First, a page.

There are three identical reasons for the 1999 achievements of the 11-2 Indianapolis Colts and the 11-2 St. Louis Rams:
3. Because both teams lost so often for so many years, accumulating barrels of draft choices, they've both had so many shots in so many drafts that they couldn't miss drafting a few great ones.
2. Each team has a solid head coach and first-class offensive coach: Jim Mora and Tom Moore of the Colts, Dick Vermeil and Mike Martz of the Rams.
1. Each has Hall of Fame talent at quarterback as well as at running back: Peyton Manning and Edgerrin James of the Colts, Kurt Warner and Marshall Faulk of the Rams.
Perhaps the most significant single explanation for their success is that Moore and Martz both coach interactive, two-threat football--on nearly every play, their opponents have a pass and a run to worry about.
You can always stop Manning, but not Manning and James--or Warner and Faulk.
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Seven Years of Co-Threats
The coach who made two-threat strategy a necessity for those seeking NFL championships is Hall of Famer Bill Walsh. As the 1979-89 leader of the San Francisco 49ers, Walsh showed that passing is the way to go in pro football if you also make it a point to run the ball.
He believed so strongly in co-threats that to win his first Super Bowl with a Hall of Fame quarterback, Joe Montana, Walsh called running plays half the time when he didn't have one good running back to his name.
You couldn't do it that way now.
You need greatness now, or at least excellence, at running back.
Every Super Bowl champion of the last seven years has been a passing team for which a ballcarrier provided a steady second threat.
The roll: Emmitt Smith in Dallas with Troy Aikman, Ricky Watters in San Francisco with Steve Young, Dorsey Levens in Green Bay with Brett Favre, Terrell Davis in Denver with John Elway.
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The Colts Had It Tougher
This year's conspicuous two-threat winners, the Colts and Rams, won in identical ways Sunday.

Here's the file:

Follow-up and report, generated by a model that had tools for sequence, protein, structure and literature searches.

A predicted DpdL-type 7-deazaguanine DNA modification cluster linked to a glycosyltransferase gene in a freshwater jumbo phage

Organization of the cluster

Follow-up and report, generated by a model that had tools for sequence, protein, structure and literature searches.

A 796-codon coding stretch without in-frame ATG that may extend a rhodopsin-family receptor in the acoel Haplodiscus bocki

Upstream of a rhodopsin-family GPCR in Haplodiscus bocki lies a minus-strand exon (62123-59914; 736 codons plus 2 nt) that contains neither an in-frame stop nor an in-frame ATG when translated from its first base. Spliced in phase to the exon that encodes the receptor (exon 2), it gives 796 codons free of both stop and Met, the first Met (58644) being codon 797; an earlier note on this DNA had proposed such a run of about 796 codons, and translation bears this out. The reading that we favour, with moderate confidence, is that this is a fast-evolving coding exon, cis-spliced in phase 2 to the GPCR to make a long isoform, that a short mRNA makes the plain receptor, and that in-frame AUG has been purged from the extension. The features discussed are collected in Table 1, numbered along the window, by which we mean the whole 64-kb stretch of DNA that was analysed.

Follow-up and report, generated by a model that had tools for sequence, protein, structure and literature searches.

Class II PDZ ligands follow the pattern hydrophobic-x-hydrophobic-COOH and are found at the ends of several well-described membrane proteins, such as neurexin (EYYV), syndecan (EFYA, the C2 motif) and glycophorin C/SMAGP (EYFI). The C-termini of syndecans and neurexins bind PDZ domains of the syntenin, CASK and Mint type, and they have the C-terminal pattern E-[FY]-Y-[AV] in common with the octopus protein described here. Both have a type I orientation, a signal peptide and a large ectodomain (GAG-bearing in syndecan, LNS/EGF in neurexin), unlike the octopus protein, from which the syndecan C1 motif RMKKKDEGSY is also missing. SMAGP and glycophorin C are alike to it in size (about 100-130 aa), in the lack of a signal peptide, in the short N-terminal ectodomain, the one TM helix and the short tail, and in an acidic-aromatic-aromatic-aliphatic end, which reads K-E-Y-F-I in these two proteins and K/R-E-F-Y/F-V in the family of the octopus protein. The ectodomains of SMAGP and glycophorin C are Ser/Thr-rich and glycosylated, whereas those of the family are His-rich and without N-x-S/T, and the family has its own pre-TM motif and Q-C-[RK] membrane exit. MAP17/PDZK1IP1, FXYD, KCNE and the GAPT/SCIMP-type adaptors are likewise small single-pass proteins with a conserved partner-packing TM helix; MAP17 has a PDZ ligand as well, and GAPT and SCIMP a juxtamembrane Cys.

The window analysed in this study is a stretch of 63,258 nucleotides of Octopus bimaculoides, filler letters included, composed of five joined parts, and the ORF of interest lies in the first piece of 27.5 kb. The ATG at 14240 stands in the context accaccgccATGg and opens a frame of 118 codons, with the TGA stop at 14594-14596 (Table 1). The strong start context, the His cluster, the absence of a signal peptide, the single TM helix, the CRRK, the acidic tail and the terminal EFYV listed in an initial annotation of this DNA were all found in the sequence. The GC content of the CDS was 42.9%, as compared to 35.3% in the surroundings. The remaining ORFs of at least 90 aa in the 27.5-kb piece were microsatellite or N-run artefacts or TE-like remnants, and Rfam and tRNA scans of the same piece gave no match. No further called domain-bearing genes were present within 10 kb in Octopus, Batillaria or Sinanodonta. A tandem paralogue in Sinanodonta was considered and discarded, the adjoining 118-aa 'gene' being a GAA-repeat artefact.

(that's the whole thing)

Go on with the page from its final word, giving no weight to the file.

As Indianapolis held off New England, 20-15, Manning passed for 186 yards and two touchdowns when the Patriots were looking for James, who ran 20 times for 101 yards when the Patriots were looking for Manning.
As St. Louis turned back New Orleans, 30-14, the interactive threats were passer Warner with 346 yards and two touchdowns and runner Faulk with 154 and two TDs.
As usual, it was aggressive offense that put the Colts and Rams ahead in the first half when, respectively, they led 14-6 and 24-14. But it was easier for the Rams to take charge of their game than it was for the Colts, who faced a team with players as talented as their own.
The Patriots, indeed, would have won the game if, on three or four plays, they'd made the right pre-snap guess on whom to hit, James or Manning.
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Bucs Take King Over Dilfer
Of the other powers who won and lost Sunday, the Green Bay Packers lost a 33-31 game because, with injured runner Dorsey Levens out, they could only threaten Carolina with a passer, Brett Favre.
And in the fight for first in the NFC Central, the Tampa Bay Buccaneers could overcome Detroit, 23-16, because they're now a team with three threats: rookie passer Shaun King, and runners Warrick Dunn and Mike Alstott.
Although Tampa Bay and Detroit have both been essentially defensive teams with conservative offenses, both came out passing with what had to be the certain knowledge that against good 1999 opponents, aggressiveness is the only way to go.
The Buccaneers' play-caller, Mike Shula, attacked more aggressively with young passer King than he used to with veteran Trent Dilfer, who is now injured. With King and their great defense, the Buccaneers are suddenly a complete team that, surely, can threaten the high-flying Rams in the playoffs.
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Numerous Short-Pass Plays Available
Tampa Bay's weakness is its cast of mediocre wide receivers--they are what hurt Dilfer the most--but King showed what you can do when that's all you have, throwing to eight different Buccaneers for 297 yards.
Although he'd rather throw bombs, King's short-pass game was the more powerful, particularly when involving Dunn or Alstott.